Claiming Executor’s Commission

Lisa Barca ||

The administration of a deceased estate is often an onerous and thankless task, generally involving a significant amount of work and worry – the extent of which depends on the complexities of each individual matter.  The role comes with legal duties, responsibilities and possible exposure to liability.

In today’s world, complexities in estate administration can arise due to a myriad of reasons, for example, the matter may involve a blended familythe Will may be challenged or a geared asset may exist within a self-managed superannuation fund.  In addition to these, there are a range of other relevant issues that may become evident due to the way in which a person has their asset holdings structured.

At Coleman Greig we find that many of our clients appoint their own children as their Executors – although in circumstances where they are looking for an impartial voice, or the will maker is concerned that their family members lack the qualifications directly relevant to the task at hand, people often turn to trusted professional advisors such as accountants, financial planners or lawyers to have them act as their legal personal representative (‘LPR‘).

Entitlement to Commission

There is no requirement to pay an Executor for acting in the role.  With this said, if you are a professional who has been asked to take on the role of Executor, you will more than likely expect to be paid for your services, as compensation for the time and effort (or “pains and trouble”) associated with administering an estate.

It is important to understand that there are three ways for an Executor to be paid for services rendered, namely:

  1. The Will contains a clause providing for the payment of a commission and/or some other payment mechanism as a condition of taking on the role;
  2. The Executor negotiates the payment of commission with the residuary beneficiaries of an estate; or
  3. The Executor applies to the Court for an order as to the payment of commission.

The simplest way for an LPR to be paid without needing either the consent of the beneficiaries or the approval of the Court is for the Will to include an appropriately drafted payment clause.  This could be a fixed dollar amount, based on the professional’s usual hourly rate (or other payment mechanism), or a combination of both.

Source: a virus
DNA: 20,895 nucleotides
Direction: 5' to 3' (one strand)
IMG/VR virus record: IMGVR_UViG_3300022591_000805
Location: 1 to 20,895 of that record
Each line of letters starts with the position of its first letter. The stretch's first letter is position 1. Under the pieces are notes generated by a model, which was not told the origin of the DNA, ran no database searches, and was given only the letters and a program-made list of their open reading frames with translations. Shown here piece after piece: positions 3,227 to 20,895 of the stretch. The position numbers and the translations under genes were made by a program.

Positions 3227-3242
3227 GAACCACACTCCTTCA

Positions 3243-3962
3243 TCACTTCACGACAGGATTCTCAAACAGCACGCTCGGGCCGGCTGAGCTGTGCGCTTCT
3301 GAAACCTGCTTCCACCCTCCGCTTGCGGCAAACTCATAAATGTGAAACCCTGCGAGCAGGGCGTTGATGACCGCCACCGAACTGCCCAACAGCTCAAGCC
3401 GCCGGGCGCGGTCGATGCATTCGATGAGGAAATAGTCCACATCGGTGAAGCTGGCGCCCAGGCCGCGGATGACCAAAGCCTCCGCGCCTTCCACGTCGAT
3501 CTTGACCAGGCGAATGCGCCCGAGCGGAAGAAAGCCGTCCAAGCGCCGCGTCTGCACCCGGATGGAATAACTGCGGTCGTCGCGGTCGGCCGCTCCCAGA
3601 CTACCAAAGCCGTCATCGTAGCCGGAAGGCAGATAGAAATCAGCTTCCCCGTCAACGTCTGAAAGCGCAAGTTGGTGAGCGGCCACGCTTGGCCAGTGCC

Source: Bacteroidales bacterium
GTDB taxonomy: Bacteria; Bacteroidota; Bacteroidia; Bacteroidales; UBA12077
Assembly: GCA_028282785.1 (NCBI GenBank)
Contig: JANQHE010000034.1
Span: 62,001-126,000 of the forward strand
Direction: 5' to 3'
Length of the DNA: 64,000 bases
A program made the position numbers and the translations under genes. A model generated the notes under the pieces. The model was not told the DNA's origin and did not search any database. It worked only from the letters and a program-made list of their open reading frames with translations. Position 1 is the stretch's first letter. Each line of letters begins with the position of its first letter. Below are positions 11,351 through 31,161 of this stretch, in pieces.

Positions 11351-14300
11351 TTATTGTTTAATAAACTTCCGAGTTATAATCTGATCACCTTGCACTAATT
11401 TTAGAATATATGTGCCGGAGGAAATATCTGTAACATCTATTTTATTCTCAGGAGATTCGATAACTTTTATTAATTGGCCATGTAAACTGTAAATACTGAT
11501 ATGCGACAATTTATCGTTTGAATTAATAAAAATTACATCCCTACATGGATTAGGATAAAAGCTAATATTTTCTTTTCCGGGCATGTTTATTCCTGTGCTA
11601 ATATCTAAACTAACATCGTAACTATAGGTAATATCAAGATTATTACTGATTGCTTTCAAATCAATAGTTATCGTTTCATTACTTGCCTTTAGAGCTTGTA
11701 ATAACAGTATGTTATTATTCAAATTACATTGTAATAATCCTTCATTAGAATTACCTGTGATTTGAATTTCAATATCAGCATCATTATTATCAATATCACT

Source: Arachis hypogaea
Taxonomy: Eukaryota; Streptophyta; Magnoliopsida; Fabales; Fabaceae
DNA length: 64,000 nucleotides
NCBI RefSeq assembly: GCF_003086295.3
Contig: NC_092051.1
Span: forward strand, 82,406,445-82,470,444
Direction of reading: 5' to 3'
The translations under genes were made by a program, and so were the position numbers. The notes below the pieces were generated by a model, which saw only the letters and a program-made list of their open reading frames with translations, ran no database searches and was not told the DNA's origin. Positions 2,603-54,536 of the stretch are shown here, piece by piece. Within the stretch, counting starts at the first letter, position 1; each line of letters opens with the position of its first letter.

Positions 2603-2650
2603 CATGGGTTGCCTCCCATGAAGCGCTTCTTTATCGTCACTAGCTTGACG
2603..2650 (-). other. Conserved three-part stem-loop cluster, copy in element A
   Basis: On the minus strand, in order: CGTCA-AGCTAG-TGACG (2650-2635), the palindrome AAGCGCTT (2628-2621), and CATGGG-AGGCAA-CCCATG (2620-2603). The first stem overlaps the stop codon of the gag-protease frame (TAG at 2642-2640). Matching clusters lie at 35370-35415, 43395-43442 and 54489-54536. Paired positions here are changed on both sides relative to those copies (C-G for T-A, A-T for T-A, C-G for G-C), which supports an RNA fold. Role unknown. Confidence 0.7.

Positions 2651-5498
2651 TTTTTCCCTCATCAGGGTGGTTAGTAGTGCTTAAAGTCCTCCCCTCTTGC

If there is no appropriate, or in any way relevant clause contained in the Will, an Executor would be well advised to consult and negotiate with the beneficiaries who may be affected if commission were paid – generally the ‘residuary’ beneficiaries.  By doing so, there will be no need to get approval from the Court for the agreed payment.

The process of applying for commission from the Court is an expensive and time-consuming exercise which often leads to lengthy delays in the administration process.  These applications are usually made close to the end of the administration, and are costly – as the Executor needs to file affidavit evidence covering the entirety of the administration process.

An LPR who applies for commission must also provide the Court with the estate accounts as part of the process.  The cost and time involved in applying for commission and passing accounts means that it will generally be in the interest of both the LPR and the beneficiaries if the issue of payment of the commission can be addressed without having to apply to the Court.

Amount of Commission

There is no statutory scale as the basis upon which commission is payable, and if an application is made, commission can either be calculated as a lump sum or as a percentage rate at the Court’s discretion, based on the individual circumstances of the case.

As a guide, the Court’s practice has been to award commission in the following ranges:

  • Between 0.25% to 1.25% of the value of the assets transfers in specie;
  • Between 0.5% to 2.5% on a capital realisations, and
  • Between 1% to 5% on income collections.

Whilst it is not unheard of for awards of between 3-5% of capital realisations to be handed down, this level of payment is generally only ever seen in the most complex estates, where the amount of stress and work involved is substantial, and the estate has benefited significantly from the executor’s involvement.

In considering an application for commission, the Court will look closely at how the Executors conducted themselves throughout the administration of the estate.  The following are the types of factors that the Court will take into account:

  • The size and complexity of the estate;
  • The complexity of the terms of the Will, or the scheme of distribution under the Will;
  • The degree of promptness, efficiency and diligence shown by the executor or administrator in completing tasks;
  • The number of routine and complex tasks to be undertaken in the disbursement of the estate,
  • The amount of work carried out and time spent;
  • The amount of responsibility involved (including that which may be ongoing);
  • Problems encountered in the course of administering the estate;
  • The number of executors or administrators sharing the load of managing the estate; andfthe ad
  • Whether there have been lengthy delays, a lack of communication with beneficiaries, or any element of fraud or dishonesty.

Coleman Greig’s team of Wills and Estate Planning lawyers have extensive experience in advising executors and beneficiaries with regard to Executor commission payments, and can assist with Will drafting, negotiation of commission with beneficiaries, and both advising and acting in connection with Executor commission claims and the administration of estates more generally.

If you have a query relating to any of the information in this article, or would like to speak with one of our lawyers with regard to your role as a legal personal representative, please don’t hesitate to get in touch today:


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